The California Medical Association (CMA) has called for the legalization of marijuana, although it acknowledges the drug does have some health risks. At its annual meeting on Friday, the group, which represents more than 35,000 doctors, adopted the policy. It is the first major medical organization to urge marijuana legalization, the Los Angeles Times reports.
According to Dr. Donald Lyman, who wrote the policy, his group’s members are frustrated by the state’s medical marijuana law, which allows a patient to use marijuana if he or she has a doctor’s recommendation. Dr. Lyman said many doctors are uncomfortable deciding whether to recommend a drug that is illegal under federal law.
The CMA has said marijuana has few proven health benefits, and notes it wants the Obama Administration to legalize the drug to encourage more research on its medical potential. The group recommends the drug be regulated in a fashion similar to tobacco and alcohol.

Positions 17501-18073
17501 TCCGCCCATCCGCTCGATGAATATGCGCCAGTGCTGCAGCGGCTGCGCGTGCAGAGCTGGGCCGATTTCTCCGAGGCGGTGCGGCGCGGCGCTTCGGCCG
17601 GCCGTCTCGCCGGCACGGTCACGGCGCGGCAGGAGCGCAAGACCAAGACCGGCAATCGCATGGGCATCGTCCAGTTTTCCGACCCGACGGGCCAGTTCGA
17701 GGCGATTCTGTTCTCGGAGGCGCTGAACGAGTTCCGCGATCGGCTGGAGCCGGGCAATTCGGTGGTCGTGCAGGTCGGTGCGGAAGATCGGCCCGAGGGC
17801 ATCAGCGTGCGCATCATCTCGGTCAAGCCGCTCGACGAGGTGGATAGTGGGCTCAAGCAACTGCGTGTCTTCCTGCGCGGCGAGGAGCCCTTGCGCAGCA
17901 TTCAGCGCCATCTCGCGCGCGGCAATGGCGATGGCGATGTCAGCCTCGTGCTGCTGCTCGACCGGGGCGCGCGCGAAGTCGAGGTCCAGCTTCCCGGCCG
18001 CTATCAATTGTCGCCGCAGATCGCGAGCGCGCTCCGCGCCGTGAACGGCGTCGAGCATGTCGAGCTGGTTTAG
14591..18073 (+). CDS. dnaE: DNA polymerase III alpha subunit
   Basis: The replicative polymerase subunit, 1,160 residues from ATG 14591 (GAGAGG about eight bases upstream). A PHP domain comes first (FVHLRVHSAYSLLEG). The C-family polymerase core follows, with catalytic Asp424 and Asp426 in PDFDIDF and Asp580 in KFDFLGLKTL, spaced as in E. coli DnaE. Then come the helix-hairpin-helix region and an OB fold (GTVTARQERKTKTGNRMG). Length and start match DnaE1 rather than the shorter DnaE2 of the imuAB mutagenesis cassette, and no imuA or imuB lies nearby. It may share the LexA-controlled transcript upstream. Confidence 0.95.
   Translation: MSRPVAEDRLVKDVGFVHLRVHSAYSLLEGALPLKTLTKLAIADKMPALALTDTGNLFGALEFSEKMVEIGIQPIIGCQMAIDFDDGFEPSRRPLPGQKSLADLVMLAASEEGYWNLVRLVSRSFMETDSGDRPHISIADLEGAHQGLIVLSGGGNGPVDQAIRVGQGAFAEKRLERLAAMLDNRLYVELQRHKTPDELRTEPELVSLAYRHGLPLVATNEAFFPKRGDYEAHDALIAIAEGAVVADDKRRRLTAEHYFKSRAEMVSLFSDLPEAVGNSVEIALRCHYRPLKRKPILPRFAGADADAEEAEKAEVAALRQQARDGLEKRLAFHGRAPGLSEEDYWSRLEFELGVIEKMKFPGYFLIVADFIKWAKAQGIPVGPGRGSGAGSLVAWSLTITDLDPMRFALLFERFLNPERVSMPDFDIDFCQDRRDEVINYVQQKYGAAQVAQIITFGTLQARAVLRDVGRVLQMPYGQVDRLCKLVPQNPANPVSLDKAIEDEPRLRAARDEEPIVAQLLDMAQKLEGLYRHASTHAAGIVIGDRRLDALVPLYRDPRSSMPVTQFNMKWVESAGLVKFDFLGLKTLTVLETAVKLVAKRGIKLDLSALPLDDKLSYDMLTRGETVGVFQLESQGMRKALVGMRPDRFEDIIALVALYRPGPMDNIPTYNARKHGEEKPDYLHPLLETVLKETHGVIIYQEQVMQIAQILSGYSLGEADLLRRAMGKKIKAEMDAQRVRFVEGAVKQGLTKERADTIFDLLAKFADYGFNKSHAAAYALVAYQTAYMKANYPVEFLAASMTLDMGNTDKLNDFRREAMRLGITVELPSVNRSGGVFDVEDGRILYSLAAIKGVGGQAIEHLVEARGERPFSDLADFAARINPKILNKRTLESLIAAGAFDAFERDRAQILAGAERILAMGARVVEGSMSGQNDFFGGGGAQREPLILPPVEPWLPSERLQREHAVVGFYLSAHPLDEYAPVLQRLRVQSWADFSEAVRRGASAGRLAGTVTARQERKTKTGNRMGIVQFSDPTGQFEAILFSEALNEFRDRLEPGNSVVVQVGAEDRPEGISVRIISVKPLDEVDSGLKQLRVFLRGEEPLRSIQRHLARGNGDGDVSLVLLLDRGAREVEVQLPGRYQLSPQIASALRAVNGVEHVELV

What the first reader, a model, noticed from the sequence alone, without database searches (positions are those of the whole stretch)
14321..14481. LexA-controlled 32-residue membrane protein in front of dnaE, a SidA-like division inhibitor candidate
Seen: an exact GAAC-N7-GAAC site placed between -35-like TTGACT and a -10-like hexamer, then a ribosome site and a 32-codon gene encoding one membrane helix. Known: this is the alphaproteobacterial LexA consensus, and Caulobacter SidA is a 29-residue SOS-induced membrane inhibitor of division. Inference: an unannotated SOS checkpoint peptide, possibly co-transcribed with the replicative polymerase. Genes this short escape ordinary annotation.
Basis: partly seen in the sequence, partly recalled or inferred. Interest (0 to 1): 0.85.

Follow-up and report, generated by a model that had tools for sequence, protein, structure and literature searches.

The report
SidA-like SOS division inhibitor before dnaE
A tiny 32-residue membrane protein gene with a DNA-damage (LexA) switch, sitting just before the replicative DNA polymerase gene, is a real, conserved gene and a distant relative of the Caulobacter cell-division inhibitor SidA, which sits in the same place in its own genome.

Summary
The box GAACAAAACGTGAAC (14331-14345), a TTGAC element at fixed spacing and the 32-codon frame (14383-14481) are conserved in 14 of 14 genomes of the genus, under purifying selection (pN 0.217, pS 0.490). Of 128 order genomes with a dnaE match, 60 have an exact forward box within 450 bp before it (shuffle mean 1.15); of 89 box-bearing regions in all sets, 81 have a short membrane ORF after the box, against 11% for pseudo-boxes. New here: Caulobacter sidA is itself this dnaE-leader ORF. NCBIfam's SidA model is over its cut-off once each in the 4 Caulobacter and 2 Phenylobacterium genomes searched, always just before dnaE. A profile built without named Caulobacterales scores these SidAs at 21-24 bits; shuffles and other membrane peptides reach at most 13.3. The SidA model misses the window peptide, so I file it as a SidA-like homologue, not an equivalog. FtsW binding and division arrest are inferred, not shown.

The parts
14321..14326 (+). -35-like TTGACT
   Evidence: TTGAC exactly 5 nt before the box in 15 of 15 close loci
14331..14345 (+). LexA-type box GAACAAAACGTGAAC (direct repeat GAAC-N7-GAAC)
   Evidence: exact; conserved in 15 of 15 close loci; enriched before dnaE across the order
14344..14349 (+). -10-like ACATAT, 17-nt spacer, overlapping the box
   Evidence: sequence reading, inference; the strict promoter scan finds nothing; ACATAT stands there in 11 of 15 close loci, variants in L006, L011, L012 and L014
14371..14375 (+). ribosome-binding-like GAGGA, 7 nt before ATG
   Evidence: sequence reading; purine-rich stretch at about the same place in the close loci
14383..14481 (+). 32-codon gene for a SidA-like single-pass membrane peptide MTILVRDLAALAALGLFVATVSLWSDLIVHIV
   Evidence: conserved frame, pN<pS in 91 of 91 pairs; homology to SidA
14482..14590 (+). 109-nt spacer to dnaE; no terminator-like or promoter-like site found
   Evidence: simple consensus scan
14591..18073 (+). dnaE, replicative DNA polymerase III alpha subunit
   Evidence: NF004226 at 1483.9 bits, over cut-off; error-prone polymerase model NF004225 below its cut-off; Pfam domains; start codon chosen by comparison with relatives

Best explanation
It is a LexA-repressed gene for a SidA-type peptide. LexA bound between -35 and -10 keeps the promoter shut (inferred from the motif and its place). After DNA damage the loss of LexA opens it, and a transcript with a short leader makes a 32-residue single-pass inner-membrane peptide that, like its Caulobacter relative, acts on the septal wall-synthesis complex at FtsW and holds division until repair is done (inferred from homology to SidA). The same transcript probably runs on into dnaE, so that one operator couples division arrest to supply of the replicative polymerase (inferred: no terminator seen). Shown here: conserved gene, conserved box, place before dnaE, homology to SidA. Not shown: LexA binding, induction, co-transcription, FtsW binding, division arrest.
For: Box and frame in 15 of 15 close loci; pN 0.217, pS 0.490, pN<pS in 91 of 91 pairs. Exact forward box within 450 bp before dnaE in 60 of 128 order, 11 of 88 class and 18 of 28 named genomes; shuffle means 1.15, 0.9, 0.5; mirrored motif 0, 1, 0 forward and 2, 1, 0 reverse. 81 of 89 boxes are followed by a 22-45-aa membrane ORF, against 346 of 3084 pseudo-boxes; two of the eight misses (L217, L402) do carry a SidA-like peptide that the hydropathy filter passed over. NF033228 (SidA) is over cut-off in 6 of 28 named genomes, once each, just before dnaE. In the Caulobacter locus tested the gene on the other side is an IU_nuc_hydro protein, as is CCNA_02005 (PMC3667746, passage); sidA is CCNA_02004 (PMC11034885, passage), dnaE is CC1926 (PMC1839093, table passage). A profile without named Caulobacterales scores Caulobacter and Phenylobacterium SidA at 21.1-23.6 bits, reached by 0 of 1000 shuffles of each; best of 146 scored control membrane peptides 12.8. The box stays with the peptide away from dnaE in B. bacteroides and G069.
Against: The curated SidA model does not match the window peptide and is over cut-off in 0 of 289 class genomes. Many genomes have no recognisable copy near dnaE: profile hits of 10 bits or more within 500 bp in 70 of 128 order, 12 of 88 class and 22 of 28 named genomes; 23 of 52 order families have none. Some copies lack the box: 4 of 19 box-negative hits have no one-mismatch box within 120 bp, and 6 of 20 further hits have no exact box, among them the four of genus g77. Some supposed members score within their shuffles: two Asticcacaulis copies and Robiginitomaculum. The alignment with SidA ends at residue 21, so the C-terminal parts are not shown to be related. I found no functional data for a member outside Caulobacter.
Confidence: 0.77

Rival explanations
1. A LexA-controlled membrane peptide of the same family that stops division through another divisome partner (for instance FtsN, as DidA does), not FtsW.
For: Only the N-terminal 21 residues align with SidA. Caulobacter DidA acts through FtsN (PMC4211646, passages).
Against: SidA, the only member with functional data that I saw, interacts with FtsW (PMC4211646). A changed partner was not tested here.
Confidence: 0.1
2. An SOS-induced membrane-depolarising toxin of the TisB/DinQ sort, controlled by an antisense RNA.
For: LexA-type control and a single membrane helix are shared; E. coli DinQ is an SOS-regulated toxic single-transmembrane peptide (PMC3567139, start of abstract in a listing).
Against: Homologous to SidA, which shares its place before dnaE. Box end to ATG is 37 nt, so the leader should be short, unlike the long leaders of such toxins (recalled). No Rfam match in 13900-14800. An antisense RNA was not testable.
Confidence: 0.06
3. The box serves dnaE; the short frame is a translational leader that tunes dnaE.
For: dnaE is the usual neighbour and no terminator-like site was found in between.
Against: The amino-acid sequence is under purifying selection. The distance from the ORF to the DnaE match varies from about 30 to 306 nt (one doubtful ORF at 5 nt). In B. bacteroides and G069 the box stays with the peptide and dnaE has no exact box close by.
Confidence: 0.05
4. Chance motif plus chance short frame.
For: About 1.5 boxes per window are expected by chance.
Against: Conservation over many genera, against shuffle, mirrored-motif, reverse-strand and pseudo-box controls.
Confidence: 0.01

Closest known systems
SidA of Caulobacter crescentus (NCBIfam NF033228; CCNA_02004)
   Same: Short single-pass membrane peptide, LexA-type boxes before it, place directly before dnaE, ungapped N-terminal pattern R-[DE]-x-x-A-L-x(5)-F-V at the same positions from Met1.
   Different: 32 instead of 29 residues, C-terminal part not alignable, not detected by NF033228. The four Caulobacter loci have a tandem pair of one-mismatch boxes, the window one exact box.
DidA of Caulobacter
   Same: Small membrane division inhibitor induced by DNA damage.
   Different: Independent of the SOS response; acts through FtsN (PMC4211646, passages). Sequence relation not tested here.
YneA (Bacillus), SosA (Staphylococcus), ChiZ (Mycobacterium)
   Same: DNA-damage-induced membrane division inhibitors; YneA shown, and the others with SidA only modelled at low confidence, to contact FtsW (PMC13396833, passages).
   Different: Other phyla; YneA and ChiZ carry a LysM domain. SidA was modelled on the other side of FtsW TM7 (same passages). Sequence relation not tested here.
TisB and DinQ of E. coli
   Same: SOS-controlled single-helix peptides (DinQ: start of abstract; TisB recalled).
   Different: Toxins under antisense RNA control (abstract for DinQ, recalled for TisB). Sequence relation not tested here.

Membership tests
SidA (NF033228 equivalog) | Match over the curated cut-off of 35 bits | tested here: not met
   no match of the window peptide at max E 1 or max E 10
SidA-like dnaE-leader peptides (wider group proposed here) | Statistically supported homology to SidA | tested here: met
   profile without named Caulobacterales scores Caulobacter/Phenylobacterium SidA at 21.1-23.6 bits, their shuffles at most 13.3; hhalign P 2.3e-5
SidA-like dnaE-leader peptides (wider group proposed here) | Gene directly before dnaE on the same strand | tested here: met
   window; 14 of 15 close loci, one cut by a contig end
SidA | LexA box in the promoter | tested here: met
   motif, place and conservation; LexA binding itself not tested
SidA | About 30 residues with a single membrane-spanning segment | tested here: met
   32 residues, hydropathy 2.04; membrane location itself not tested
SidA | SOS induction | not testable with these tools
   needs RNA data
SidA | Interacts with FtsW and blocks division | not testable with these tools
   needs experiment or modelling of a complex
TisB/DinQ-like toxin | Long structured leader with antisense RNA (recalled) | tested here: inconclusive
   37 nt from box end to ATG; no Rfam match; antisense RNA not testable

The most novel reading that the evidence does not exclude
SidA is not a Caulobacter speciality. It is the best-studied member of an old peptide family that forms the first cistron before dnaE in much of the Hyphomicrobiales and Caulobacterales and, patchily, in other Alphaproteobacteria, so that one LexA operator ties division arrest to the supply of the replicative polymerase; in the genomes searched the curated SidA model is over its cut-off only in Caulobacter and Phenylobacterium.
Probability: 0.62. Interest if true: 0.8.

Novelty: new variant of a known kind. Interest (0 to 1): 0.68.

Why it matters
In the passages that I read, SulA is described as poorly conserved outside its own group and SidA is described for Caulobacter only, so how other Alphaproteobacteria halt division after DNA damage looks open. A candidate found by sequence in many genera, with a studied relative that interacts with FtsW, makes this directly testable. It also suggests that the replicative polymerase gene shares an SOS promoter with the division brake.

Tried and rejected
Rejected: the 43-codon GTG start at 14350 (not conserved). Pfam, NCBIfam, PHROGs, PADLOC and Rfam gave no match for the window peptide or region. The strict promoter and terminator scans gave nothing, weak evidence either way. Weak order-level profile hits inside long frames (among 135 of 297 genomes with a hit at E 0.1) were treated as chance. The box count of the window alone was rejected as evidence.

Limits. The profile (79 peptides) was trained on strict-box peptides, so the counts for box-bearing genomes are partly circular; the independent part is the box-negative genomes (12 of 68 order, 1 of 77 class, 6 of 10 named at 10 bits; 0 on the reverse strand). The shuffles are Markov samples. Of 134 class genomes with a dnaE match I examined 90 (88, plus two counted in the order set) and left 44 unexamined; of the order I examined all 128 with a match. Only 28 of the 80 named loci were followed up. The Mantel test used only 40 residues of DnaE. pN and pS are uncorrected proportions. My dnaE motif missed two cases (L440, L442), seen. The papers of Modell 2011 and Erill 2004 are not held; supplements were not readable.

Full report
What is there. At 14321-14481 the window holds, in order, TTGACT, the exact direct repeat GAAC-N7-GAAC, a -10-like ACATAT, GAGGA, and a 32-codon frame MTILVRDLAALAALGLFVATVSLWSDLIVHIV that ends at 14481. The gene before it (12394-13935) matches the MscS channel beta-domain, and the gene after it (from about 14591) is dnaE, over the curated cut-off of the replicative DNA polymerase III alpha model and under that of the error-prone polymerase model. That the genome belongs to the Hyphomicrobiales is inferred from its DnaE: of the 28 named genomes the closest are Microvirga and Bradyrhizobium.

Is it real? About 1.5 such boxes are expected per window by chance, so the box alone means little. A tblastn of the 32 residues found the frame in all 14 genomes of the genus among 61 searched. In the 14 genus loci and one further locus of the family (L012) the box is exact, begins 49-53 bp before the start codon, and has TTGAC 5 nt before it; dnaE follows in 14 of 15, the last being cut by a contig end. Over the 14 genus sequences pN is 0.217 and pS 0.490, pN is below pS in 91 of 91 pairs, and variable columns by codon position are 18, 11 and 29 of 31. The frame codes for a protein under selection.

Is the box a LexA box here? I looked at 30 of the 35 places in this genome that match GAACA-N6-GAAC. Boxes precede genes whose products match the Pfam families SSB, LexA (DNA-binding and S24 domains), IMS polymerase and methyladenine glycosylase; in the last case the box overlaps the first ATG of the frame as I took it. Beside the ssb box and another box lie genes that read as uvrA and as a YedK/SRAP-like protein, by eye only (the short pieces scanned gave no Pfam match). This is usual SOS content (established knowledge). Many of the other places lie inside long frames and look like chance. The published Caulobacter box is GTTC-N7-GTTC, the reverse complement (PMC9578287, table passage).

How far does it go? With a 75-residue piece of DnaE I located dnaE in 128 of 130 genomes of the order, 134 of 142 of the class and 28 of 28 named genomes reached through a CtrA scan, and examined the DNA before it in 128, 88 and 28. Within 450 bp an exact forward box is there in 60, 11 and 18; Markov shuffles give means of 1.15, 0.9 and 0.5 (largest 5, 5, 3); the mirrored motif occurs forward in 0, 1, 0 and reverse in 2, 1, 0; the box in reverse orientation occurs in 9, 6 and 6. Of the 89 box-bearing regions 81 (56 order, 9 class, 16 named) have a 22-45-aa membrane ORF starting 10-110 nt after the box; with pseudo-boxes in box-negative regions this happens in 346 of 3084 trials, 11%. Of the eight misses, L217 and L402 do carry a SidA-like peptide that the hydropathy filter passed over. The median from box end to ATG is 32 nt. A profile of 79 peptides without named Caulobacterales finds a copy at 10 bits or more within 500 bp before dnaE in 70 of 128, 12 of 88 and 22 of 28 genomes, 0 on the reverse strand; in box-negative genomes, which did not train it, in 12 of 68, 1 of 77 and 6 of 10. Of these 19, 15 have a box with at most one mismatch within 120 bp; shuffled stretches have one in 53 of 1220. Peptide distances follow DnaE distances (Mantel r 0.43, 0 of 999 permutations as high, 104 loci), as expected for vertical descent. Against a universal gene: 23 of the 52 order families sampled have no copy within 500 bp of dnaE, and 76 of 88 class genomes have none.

In a statement, the CMA says it advocates for the regulation of medical marijuana “to allow for wider clinical research, accountable and quality controlled production of the substance and proper public awareness.” The group says it is also recommending that recreational marijuana be legalized so states can regulate it for purity and safety.
John Lovell, spokesman for the California Police Chiefs Association, responded, “Given everything that we know about the physiological impacts of marijuana — how it affects young brains, the number of accidents associated with driving under the influence — it’s just an unbelievably irresponsible position.”
In July, the U.S. Justice Department announced that medical marijuana dispensaries and licensed growers located in states with medical marijuana laws are not immune from prosecution for violation of federal drug and money-laundering laws. Currently the medical use of marijuana is legal in 16 states and the District of Columbia.